There is something key missing from those missives. One thing I have found regarding the hard working folks in Asian countries (the recipients of outsourcing) is that it is common for porfessional well educated people of both sexes to work very hard until (typically parentally manipulated if not outright arranged) marriage. Also, dating in the Western sense is not common. Young people will dedicate themselves wholly to work while single and live very simple lives in places that most here in the West could not tolerate - e.g. cramped flats in older buildings in lesser-than-ideal neighborhoods. Upon marriage - and here is the KEY difference - very traditional roles are generally the rule. Most moms are stay-at-home ones and those who are not hire very inexpensive maids and nannies to look after their homes. It is intellectually dishonest to tell Americans to compete with folks in Asia if one is not 100% committed to supporting more traditional family structures and to the once common single income scnenario. Women's lib has caused irreparable damage. Now, in truth, we could only go so far, since we don't have and never will have, no matter how porous the borders are allowed to be, the vast pool of cheap labor from which to draw maids and housemen. Therefore, beyond promotion of the single income, one stay-at-home parent, one 70 hour / week salaryman scenario, we simply cannot be expected to be overhead cost competitive with places like India, Thailand or the PRC. Herein lies the essential fault in the globalists "flat Earth" mentality. One cannot rightfully compare apples (semi feudal societies with no middle class) to oranges (Western Whiggish societies with a still prominent middle class and very bourgeois outlook). So, what to do? Clearly, the Jack Welch mentality has been proven flawed. While the Buchanan mentality is also flawed, somewhere in between probably lies the sweet spot.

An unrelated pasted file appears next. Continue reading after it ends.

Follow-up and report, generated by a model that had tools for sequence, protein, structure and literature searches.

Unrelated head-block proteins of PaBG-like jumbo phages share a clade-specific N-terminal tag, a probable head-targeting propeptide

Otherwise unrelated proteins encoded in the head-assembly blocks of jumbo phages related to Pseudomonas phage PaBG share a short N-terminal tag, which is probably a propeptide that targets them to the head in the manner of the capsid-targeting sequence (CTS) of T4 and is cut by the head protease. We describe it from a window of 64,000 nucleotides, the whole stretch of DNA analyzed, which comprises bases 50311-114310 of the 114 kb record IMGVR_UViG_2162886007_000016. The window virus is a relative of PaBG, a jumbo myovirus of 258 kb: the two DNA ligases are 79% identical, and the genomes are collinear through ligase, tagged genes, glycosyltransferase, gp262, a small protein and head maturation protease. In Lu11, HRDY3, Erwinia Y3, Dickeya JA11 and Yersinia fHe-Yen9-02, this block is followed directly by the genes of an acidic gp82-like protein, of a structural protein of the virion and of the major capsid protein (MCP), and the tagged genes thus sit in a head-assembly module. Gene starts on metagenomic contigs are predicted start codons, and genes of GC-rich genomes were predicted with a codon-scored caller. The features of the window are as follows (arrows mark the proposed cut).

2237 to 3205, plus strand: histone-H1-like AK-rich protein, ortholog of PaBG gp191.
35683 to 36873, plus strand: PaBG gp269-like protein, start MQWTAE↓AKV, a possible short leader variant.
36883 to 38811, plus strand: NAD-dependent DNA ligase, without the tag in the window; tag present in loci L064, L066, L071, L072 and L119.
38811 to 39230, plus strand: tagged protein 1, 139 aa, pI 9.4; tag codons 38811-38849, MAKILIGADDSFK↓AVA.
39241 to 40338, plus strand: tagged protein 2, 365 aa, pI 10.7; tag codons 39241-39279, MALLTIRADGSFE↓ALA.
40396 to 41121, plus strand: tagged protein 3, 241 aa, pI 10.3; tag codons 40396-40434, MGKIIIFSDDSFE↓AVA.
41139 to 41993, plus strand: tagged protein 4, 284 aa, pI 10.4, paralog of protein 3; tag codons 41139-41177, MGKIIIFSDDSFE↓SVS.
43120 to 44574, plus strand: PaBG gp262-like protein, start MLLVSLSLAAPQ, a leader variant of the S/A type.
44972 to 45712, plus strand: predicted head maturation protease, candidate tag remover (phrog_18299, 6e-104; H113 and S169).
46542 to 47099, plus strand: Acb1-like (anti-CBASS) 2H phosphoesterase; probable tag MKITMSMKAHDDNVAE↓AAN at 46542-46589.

The really stupid thing most corporations and their managers desire is CONTROL. They want to control your private life, your opinions, and your activities. They want you to be a properly attired, manicured, and obedient drone.
The technological revolution of our century should be the one that puts people back in their homes, with their kids. In the last five years, every job I had could have been done almost 100% from home. High speed internet with VPN access gave me access to 100% of my job duties. I might have had to go in for a meeting now and then, but most of those could have been accomplished with Webex. I say "could have been done" because the managers I worked for wanted to see a body sitting in a chair.
Before the industrial revolution, people worked at home with their families at their side. Kids learned trades and employable skills from their parents. Education was done primarily at home.
The technology is there to permit that to happen again. Why send kids to schools to be managed like so much cattle. Why spend hours commuting to sit in a cubicle in an office to do work you could just as effectively do from home?
The key is old, dead-wood management thinking. They want control, not productivity. There is plenty of time for creativity, personal development, and work. Managers and business owners just need to grasp the potential and realize the can manage people without having to see their butts parked in a cube farm for 10 hours a day.
I suppose we'll have this wonderful, expanding capability around for another 40 years, until like Moses of old, the old generation of managers finally dies off and people who know how to use it can run corporations.
Fast Company was good during the dotcom boom....they used to get 500 ad pages an issue.....but now they are a socialist rag. I laugh at most of their articles about how much the employer should be doing for you. The readers then wonder why they get passed over for promotion when they were out on some "personal wellness days"
I hate to say it, but it sounds like some of the managers you've had are managers in name only. Let me guess, they were former geeks who were promoted due soley to technical ability - LOL!
I've had guys working for me living out in the woods and in the high country. I've found that it was people like cross functional team leaders who seemed to be uncomfortable with not having such folks live at meetings. But I've always supported work at home (for those who WANT it - not all do - the old bandwidth and tools issue ...). Truth is, work at home lowers my overhead.
Probably a micromanager, too. Those are worse to work for.